Along the course of a fun, adventurous hiking excursion, there is the possibility that you might sustain an injury if you don’t prepare adequately for the activity. Don’t let wounds that you have some control to stop hamper your time outside. Look into how to prevent common hiking injuries now so that you don’t need to think about them in the middle of your day after they’ve already occurred.
Stabilize Your Balance
In contrast to the perfectly smooth ground most of us are used to, a hiking trail can be filled with steep inclines and bumpy earth. You might slip, trip, or fall because of this. Use trekking poles to provide more points on which to balance yourself. This way, you can test the ground in front of you and traverse safely through tricky spots by leaning on the poles as needed.
Trekking poles also take some of the weight off your legs, redistributing it through your arms. For people who experience knee pain when walking for a long time over rough terrain, poles can be helpful.
Whether it’s a sunny day or a rainy one, you’ll want to shield yourself from exposure to the elements. Put on sunscreen and carry a bottle of it with you on your hike to block UV radiation from burning your skin. You can also wear lightweight coverings, such as a brimmed hat and a thin jacket to act as additional barriers. UV light can penetrate clouds too, so you should take these measures on cloudy days as well.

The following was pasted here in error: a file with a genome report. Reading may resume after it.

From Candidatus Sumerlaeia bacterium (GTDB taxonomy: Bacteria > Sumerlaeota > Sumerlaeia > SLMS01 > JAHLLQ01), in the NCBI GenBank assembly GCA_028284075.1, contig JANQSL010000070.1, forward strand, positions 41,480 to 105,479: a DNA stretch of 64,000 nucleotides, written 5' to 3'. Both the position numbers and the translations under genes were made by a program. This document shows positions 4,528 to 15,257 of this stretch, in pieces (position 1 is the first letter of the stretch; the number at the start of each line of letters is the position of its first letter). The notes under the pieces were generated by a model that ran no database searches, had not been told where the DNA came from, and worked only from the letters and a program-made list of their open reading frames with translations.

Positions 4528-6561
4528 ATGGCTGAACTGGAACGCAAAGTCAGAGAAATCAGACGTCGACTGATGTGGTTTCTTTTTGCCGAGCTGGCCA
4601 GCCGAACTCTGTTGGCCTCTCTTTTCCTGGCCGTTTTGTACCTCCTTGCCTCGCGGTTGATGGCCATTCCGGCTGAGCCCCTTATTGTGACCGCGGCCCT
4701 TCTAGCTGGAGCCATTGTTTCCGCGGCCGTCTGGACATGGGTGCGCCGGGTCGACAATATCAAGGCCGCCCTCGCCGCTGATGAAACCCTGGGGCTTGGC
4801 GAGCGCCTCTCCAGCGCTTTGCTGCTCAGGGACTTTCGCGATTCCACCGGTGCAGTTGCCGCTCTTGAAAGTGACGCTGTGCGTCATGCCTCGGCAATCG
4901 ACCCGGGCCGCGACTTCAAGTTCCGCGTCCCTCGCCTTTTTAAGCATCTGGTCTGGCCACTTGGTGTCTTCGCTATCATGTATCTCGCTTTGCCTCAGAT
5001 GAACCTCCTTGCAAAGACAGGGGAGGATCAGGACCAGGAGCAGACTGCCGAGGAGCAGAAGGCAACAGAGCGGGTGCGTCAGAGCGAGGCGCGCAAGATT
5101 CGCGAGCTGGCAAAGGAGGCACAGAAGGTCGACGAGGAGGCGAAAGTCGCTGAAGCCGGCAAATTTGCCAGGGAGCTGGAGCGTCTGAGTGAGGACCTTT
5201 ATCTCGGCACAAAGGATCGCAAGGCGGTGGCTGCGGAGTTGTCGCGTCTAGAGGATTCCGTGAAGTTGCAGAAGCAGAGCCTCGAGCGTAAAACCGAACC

If there’s a chance of precipitation and wetness, wear a breathable and waterproof outer-shell jacket and pants to keep your body dry. In cold weather, being wet can lead to hypothermia, so having these articles of clothing at the ready is always smart. You can pack them away if it gets too hot and there is no rain.
Wear the Right Footwear
Blisters and sprains can stop you in your tracks on an otherwise enjoyable trail. You can avoid them by wearing the right footwear. Find waterproof hiking boots that fit snugly but that have enough room for thick socks so that you can lower the chance that they will rub on your ankles while you’re walking. A higher-cut boot is often preferable because there is a decreased chance that water can get inside them when you splash through puddles. Having wet feet can also increase the chance that you’ll form blisters.
Furthermore, boots provide you with the ankle support necessary for scaling uneven surfaces. This reinforcing material around your ankles will help to stop you from twisting the joint unnaturally.
Now that you understand how to prevent common hiking injuries, you can go forth more confident in the knowledge that you’re ready to take on the trail.